Japan’s export controls on chip technology increase the risk of a trade war with China 17:53 in Abroad , Economy Not only the Dutch ASML is at the forefront of chip technology, Japan is also big in the world of chips. There is a lot at stake for the country.

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A semiconductor from the Japanese company Sony
NOS News
  • Anoma van der Veere

    Japanese correspondent

Japan wants to participate with America and the Netherlands in export controls for important technology with which chips are produced. The country is the market leader in the industry alongside the Netherlands. Export controls were therefore high on the agenda during the trade mission of Minister Schreinemacher (VVD, Foreign Trade) to Japan.

Despite the promise, the Japanese government has not yet announced concrete measures, fearing that strict measures will lead to a trade war with China, Japan’s largest trading partner.

US President Biden recently introduced a series of measures aimed at attracting chip production to the US and trying to deprive China of access to the latest technology. To do this, market leaders Japan and the Netherlands must participate.

“The US is packaging it as a problem of national security and protecting sensitive technology, putting pressure on Japan and the Netherlands,” says June Park, a political economist specializing in trade relations. “But there is also a commercial reason behind it.”

Japan as market leader

According to research from the Peterson Institute, Japan leads the chip industry in producing machine parts, with a market share of over 28 percent. “ASML is ahead of the rest of the world when it comes to lithography, but Japan leads the market in other parts of the manufacturing process, such as etching, testing and chip packaging. The US has almost nothing to say there now, but there Do they want something to say?”

Until the end of the last century, the global chip industry was dominated by Japanese companies, with a peak market share of more than 50 percent. In photolithography, a technique that is essential in the production process, Canon and Nikon were by far the market leaders, with more than three-quarters of the world market.

This changed when the Dutch ASML overtook them through technological innovation. Over the past thirty years, the domestic chip industry has also increasingly moved to other Asian countries, such as Taiwan and South Korea. Yet Japan is still one of the major players when it comes to chip etching, testing and packaging.

ASML employees work in a dust-free room on a machine that can make chips

The Japanese government has introduced a national strategy in 2021 to revive the industry. Large grants have been made available to companies to revise production chains and restart domestic production. With this step, the country hopes to reduce its dependence on foreign countries.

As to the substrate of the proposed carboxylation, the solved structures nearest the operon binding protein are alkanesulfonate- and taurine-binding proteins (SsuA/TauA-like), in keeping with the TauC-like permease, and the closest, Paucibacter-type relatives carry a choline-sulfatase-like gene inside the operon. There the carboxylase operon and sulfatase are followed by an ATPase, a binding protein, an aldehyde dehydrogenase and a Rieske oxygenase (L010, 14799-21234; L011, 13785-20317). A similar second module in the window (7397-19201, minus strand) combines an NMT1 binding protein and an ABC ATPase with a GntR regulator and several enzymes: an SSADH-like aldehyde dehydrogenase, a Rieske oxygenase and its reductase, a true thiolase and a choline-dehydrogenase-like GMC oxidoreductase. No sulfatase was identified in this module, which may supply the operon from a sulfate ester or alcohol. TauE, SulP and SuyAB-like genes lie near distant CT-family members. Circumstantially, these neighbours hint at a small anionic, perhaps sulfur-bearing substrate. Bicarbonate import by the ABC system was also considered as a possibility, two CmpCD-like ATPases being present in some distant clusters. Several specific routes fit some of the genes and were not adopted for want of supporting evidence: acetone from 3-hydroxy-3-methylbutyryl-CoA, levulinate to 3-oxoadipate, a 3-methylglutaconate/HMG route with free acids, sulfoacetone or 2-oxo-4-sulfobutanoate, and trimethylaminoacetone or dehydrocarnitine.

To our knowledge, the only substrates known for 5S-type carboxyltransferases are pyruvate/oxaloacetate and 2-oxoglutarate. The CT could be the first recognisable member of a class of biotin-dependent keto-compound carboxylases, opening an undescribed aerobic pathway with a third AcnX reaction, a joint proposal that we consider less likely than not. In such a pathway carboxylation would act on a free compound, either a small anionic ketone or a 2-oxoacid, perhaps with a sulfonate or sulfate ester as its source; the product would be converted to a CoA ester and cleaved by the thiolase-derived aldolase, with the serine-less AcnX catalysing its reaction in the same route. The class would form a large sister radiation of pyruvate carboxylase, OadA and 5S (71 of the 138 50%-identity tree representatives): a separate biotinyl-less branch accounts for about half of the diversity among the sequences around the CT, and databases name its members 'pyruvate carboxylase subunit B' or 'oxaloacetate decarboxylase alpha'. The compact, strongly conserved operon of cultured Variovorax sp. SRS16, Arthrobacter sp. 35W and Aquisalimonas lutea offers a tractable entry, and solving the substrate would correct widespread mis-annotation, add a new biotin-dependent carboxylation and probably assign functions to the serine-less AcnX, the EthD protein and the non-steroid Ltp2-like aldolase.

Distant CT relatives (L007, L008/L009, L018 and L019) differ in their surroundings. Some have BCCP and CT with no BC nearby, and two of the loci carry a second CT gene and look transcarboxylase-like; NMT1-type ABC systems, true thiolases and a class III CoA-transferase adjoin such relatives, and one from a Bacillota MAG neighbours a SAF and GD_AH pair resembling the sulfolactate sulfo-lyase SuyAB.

Trade war risk

Introducing export controls would therefore be painful now, just as the industry is trying to recover. The Japanese chip industry is currently led by a number of large players, whose sales market is largely in China, such as Tokyo Electron (25 percent) and Renesas (29 percent). In addition, Japan gets more than 60 percent of the rare raw materials needed in the chip industry from China.

“China still has access to the latest generation of chips, but if that access is completely denied, it could lead to problems,” says Park. “For Japan, it is likely that sanctions will follow from China, not only within the chip sector but across the entire market.” China is Japan’s largest trading partner: “Going full throttle with US export controls would be a step towards a full-scale trade war.”

Trade mission to Tokyo

Although Japan has indicated that it will cooperate with the export controls, it is not really clear which technologies and products will be subject to this. Companies do not want to say anything about the possible consequences.

It is essential for the Netherlands that Japan cooperates. If the countries do not cooperate, there is a good chance that sensitive production technology will end up in unwanted hands. Partly for this reason, Schreinemacher now visited Tokyo.

“We announced last week that we are taking measures, and the Japanese Minister of Trade explicitly stated in our conversation that economic security is important to him and that we should continue to discuss this,” she says.

However, concrete commitments have not been made. Schreinemacher: “It is possible that Japanese companies can circumvent new export controls, but that is why we must continue to talk to our Japanese partners.”

“Current US export controls are just a first step. More are likely to come,” warns Park. That is why Japan seems to be extra cautious. “I expect that the cabinet will gradually introduce export controls, hoping not to anger China and at the same time to keep the US and the Netherlands happy.”

  • Cabinet confirms restriction on export of chip machine maker ASML to China
  • China is angry about ASML restrictions, but is not striking back yet
  • Abroad

  • Economy

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